The Saeculum Decoded
A Blog by Neil Howe
Aug 252009

This is a good article on the new indie music scene that Millennial (born 1982-200?) are driving. It is written by  D.J. Palladino who is a Boomer (born 1943-1960). He calls indie avant garde, but most of what he later says undercuts that assertion. The disappearance of the generation gap is obvious—not just in the overlap of sounds and styles (which comes across immediately to any casual Boomer listener), but in the whole father-son sharing thing. Not much of that back in the day!

Nice Quote: When one of the young artists is reminded how vast the gap was back in the 60′s between Sinatra and Hendrix, he says “Yeah. But another way of looking at it is that maybe that’s the only generation where there was such a gap.”

Aug 202009

What are the movies that best represent a generation? I have drafted the following list by free-association, with no reference to any sources and in no particular order. I’m doing this just to provoke comment.

I finesse two questions that I guess should be addressed in lists of this kind: Do we just focus on films of “generational” interest per se—as opposed to films that were simply very popular with the generation in question? (e.g., The Godfather was very popular among young Boomer (born 1943-1960)… but was not really a generational film.) And do we focus only on films that appear when the generation in question is coming of age? (e.g., The Big Chill appeared in 1983, when even the youngest Boomers were adults… but it is very much a generational film.)

Anyway, here goes:


  1. The Graduate
  2. Goodbye Columbus
  3. Deerhunter
  4. Apocalypse Now
  5. Easy Rider
  6. Butch Cassidy and the Sundance Kid
  7. 2001: A Space Odyssey
  8. Yellow Submarine
  9. Alice’s Restaurant
  10. The Big Chill
  11. Woodstock
  12. American Graffiti
  13. M*A*S*H
  14. Annie Hall
  15. One Flew Over the Cuckoo’s Nest
  16. Monty Python and the Holy Grail
  17. Saturday Night Fever
Aug 182009

You may like this ad, or just find it creepy. But it does dramatize the society-wide fantasy of watching Millennial (born 1982-200?) lead a totally sheltered and planned life.

In certain respects, in fact, this is a “Homelander” (the generation to follow the Millennials) commercial before its proper time.  The protectiveness is not portrayed as the result of passionate and committed Boomer (born 1943-1960) parents—but rather as the result of a new “system” that works to protect everyone automatically. The parents’ (midlife Generation X (born 1961-1981)) role is portrayed as a newfangled system that does  its job and waves goodbye. This is more like the attitude we expect during the upcoming First Turning (the High), rather than the current Fourth Turning (Crisis).

Aug 052009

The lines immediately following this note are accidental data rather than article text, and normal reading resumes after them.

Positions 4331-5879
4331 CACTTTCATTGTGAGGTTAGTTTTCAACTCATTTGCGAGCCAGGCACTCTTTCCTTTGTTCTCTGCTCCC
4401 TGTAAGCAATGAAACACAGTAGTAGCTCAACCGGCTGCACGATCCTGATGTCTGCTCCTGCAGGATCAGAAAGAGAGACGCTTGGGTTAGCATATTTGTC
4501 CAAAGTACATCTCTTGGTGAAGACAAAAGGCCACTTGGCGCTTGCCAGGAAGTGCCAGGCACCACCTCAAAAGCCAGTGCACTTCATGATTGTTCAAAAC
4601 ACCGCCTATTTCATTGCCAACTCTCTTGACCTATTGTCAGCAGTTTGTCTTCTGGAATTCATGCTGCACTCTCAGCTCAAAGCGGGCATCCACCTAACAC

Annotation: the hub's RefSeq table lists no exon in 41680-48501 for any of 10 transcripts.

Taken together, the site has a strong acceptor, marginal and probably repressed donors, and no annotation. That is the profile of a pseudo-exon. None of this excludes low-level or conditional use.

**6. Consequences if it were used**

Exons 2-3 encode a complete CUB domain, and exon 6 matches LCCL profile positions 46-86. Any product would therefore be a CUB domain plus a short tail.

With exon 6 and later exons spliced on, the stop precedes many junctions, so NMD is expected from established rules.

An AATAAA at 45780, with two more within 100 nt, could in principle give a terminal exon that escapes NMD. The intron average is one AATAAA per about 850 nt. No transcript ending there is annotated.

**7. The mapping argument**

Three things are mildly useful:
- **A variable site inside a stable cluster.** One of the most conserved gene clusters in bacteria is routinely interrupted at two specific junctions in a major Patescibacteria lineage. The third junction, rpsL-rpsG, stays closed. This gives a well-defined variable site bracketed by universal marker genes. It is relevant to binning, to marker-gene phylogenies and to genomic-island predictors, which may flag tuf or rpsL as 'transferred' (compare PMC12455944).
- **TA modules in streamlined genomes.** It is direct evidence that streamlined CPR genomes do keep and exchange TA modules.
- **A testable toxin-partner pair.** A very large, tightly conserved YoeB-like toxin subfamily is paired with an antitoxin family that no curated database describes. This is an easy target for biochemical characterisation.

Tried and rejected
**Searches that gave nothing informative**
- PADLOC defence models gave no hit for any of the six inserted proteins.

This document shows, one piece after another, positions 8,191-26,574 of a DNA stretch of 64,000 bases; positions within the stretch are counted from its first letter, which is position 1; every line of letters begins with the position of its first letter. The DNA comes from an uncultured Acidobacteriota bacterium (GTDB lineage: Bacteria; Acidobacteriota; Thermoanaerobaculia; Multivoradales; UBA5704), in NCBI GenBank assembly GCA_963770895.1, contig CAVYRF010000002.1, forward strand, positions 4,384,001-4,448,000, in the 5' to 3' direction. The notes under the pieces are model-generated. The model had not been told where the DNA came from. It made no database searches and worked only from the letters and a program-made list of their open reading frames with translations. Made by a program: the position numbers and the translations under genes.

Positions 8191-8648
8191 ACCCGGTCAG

This interesting article in the New York Times describes how hard-hit the self-employed are in today’s economy.

As a generation, Generation X (born 1961-1981) has hugely expanded the relative share of the workforce that is self-employed–and even, for the employed, the share of total income consisting not of “wages,” but of commissions, tips, bonuses, stock options, etc. This is the type of employment and income that goes up fastest when the economy is booming and falls fastest when the economy is contracting. It is all at the margin.

As usual, Gen X makes the market economy function, by taking the punishment while the rest of the economy adjusts. Keep in mind that the old saw during the Great Depression, “it didn’t hurt if you had a job,” was literally true. Because prices fell during the 1930s, and because most wages (esp for large manufacturing and public agencies) cannot be cut in nominal terms (“sticky downward” say economists), most wage earners experienced rising real incomes throughout the Great Depression. Indeed, the very fact that employers could not cut their wages–but simply had to lay them off when their marginal product was no longer worth the wage–gave rise to Keynesian “macroeconomics” as a new field with a new set of rules.

Ironically, most economists now say that the humanitarian appeals by Hoover (especially) and FDR to businesses not to cut their wage rates were completely wrongheaded. At a time of falling demand and monetary supply, cutting wage rates is the one thing that might have kept workers employed. Telling businesses not to cut wages forced them to simply fire workers instead, which directly reduced production and deeply exacerbated the cycle of demand collapse.

As the free-agent share of the workforce rises, the economy should be more resistant to the kinds of demand collapse that characterized the Great Depression. And over the last two decades, many economists attributed the economy’s “great moderation” (the tendency of recessions to become milder and shorter) to the growth of flexible non-wage labor income. Of course all talk of a great moderation is dead now, since we found out we could have really bad recessions for other reasons, like debt bubbles and the collapse of financial institutions.